Coronary Artery Anomalies with Focus on Anomalous Aortic Origin of a Coronary Artery (AAOCA): Definition, Pathophysiology and Anesthetic Implications

By Benjamin Kloesel, MD, MSBS; and John L. Bass, MD
Masonic Children’s Hospital, University of Minnesota
Minneapolis, MN

There is a diverse group of congenital coronary artery anomalies that can present in a variety of ways, including anomalies in coronary artery origin (absence of a coronary trunk, anomalous location of coronary ostium at improper sinus), anatomy (ostial stenosis or atresia, intramural coronary artery [muscular bridge], subendocardial coronary course) and termination (coronary fistulas, anomalous anastomoses). Some individuals with these anomalies remain asymptomatic throughout life, but others can have devastating consequences including sudden death despite the lack of cardiac risk factors in young, otherwise healthy teenagers and athletes1. Unfortunately, the low incidence, difficulties in detection and diagnosis and marked differences in risk for sudden cardiac death with coronary artery anomalies pose significant challenges in their management. These factors are illustrated by a case report from Daher et al.2 The group reports a 44 year-old female who suffered two sudden cardiac arrests during induction of general anesthesia. The patient was otherwise healthy and had no known cardiopulmonary disease. The first anesthetic was conducted emergently for a colonic perforation leading to peritonitis. During rapid sequence induction, there was marked hypotension refractory to IV fluid infusion and ephedrine. The heart rhythm rapidly progressed from sinus bradycardia to electromechanical dissociation and asystole. The patient was successfully resuscitated. No further cardiac work-up was pursued at that time and the cardiac arrest was attributed to the overall clinical picture. A year later, the patient was diagnosed with breast cancer and scheduled for a radical mastectomy. Preoperative evaluation with ECG, CXR, treadmill stress test and resting echocardiography did not show any pathology. During anesthetic induction, ventricular ectopic beats were noted, followed by ventricular tachycardia and asystole. The patient was again successfully resuscitated. Postoperative cardiac evaluation with ECG (with and without procainamide), echocardiography, myocardial scintigraphy and treadmill exercise testing were again normal. The patient was referred to a tertiary care center where a coronary angiogram revealed an anomalous origin of the left coronary artery from a single right coronary ostium.

This manuscript will focus on the entities of anomalous aortic origin of a coronary artery (AAOCA), also known as anomalous origination of a coronary artery from the opposite sinus (ACAOS). Included in this definition are anomalous aortic origin of the left coronary artery (AAOLCA)/ origination of left coronary artery from right sinus of Valsalva (L-ACAOS) and anomalous aortic origin of the right coronary artery (AAORCA)/ origination of the right coronary artery from left sinus of Valsalva (R-ACAOS). This condition, specifically AAOCA with an intramural course, was chosen for this review as it represents the most frequent cause of sudden cardiac arrest amongst all coronary artery anomalies1,3.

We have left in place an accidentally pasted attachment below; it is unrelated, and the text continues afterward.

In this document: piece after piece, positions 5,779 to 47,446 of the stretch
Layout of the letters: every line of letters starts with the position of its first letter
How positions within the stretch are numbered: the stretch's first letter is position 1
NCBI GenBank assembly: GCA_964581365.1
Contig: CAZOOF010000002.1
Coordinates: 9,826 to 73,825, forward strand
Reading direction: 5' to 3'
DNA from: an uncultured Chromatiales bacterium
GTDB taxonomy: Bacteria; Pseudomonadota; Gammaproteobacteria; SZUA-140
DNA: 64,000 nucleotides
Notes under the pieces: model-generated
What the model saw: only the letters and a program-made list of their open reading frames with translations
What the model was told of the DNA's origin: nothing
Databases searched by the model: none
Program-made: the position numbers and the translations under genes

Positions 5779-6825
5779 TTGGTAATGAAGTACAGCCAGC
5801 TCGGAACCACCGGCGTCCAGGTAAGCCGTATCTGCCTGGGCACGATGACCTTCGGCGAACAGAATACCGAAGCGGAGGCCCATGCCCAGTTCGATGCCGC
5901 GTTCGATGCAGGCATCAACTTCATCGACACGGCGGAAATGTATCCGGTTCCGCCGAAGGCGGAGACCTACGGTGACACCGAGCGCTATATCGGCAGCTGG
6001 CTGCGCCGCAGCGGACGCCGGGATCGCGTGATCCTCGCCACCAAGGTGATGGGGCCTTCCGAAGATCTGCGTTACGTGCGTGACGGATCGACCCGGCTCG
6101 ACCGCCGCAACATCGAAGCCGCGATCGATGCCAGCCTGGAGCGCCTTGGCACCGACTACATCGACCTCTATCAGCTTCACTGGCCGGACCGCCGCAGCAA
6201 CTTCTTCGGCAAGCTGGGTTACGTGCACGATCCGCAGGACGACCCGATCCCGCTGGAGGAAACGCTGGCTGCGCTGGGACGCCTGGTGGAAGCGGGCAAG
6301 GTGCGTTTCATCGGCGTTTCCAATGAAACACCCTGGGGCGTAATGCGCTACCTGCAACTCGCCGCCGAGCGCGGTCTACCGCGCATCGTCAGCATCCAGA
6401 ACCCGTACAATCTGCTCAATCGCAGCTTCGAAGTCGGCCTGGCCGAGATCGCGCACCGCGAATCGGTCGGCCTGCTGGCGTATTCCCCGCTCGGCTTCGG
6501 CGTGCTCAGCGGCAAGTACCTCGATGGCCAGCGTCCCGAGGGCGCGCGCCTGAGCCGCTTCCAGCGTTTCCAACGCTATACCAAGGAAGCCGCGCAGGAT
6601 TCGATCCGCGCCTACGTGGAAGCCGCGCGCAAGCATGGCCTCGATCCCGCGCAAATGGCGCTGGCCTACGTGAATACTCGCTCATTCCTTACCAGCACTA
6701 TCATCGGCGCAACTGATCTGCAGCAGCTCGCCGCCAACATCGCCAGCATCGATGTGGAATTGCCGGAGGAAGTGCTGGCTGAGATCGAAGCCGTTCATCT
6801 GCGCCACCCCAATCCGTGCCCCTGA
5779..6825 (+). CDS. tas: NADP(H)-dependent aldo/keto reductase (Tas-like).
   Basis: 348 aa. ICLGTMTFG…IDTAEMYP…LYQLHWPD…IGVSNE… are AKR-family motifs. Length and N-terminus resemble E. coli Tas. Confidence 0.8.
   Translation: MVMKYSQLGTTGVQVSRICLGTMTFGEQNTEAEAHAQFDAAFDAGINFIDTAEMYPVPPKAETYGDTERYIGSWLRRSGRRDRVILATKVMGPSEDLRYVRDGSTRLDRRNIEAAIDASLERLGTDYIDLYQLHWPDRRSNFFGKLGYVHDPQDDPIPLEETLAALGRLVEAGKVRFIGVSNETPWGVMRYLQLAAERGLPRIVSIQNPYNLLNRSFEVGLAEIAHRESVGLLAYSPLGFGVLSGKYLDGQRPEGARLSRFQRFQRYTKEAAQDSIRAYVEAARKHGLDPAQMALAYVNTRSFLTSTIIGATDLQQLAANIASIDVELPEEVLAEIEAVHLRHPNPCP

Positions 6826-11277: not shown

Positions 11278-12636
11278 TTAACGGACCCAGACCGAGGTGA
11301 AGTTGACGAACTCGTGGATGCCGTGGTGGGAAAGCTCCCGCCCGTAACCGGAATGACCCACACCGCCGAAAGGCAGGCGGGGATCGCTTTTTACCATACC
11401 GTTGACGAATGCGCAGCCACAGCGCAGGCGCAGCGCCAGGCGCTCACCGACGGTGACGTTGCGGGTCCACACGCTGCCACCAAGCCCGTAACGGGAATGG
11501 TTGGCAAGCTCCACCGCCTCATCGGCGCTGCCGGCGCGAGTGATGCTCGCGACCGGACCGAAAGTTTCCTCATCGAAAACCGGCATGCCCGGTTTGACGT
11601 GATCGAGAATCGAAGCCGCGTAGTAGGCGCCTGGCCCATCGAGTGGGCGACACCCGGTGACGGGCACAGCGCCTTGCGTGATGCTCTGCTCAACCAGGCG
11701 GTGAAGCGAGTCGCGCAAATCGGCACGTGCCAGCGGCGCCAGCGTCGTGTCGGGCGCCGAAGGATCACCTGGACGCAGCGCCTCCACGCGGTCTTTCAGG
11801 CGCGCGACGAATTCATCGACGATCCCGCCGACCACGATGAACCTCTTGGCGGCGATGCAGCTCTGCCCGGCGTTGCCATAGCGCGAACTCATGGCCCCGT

The incidence of coronary artery anomalies varies tremendously depending on the method of detection (autopsy, echocardiogram, angiogram) and the definition. A prospective study utilizing angiography in 1950 patients reported a global incidence of 5.64%, with AAOCA accounting for 1.07%4. Origin of the RCA from the left sinus was more frequently observed (0.92%) compared to origin of the LCA from the right sinus (0.15%), in keeping with other reports listing a 5:1 ratio for AAORCA to AAOLCA5. Of note, this patient cohort included a large variety of coronary artery anomaly entities, many with no clinical implications that could be considered “normal variants”. Identification of high-risk coronary artery anomalies and their incidence would be helpful for the practicing clinician. In a study of 277 sudden unexpected, non-trauma related deaths of military recruits during intense physical training, 64 were attributed to cardiac causes6. Of those, 21 had AAOCA. In the general population, a study examining causes of sudden unexpected death in 162 patients revealed only one case related to coronary artery anomaly7. The American Heart Association reports that coronary artery anomalies are responsible for 19% of deaths in athletes. A contemporary study used MRA-based screening of 1836 subjects aged 11-15 years identified 24 subjects (1.3%) who had a high-risk cardiovascular condition. Amongst those, 0.7% were found to have anomalous coronary artery from the opposite sinus with an intramural course (eleven patients with AAORCA; two patients with AAOLCA)8.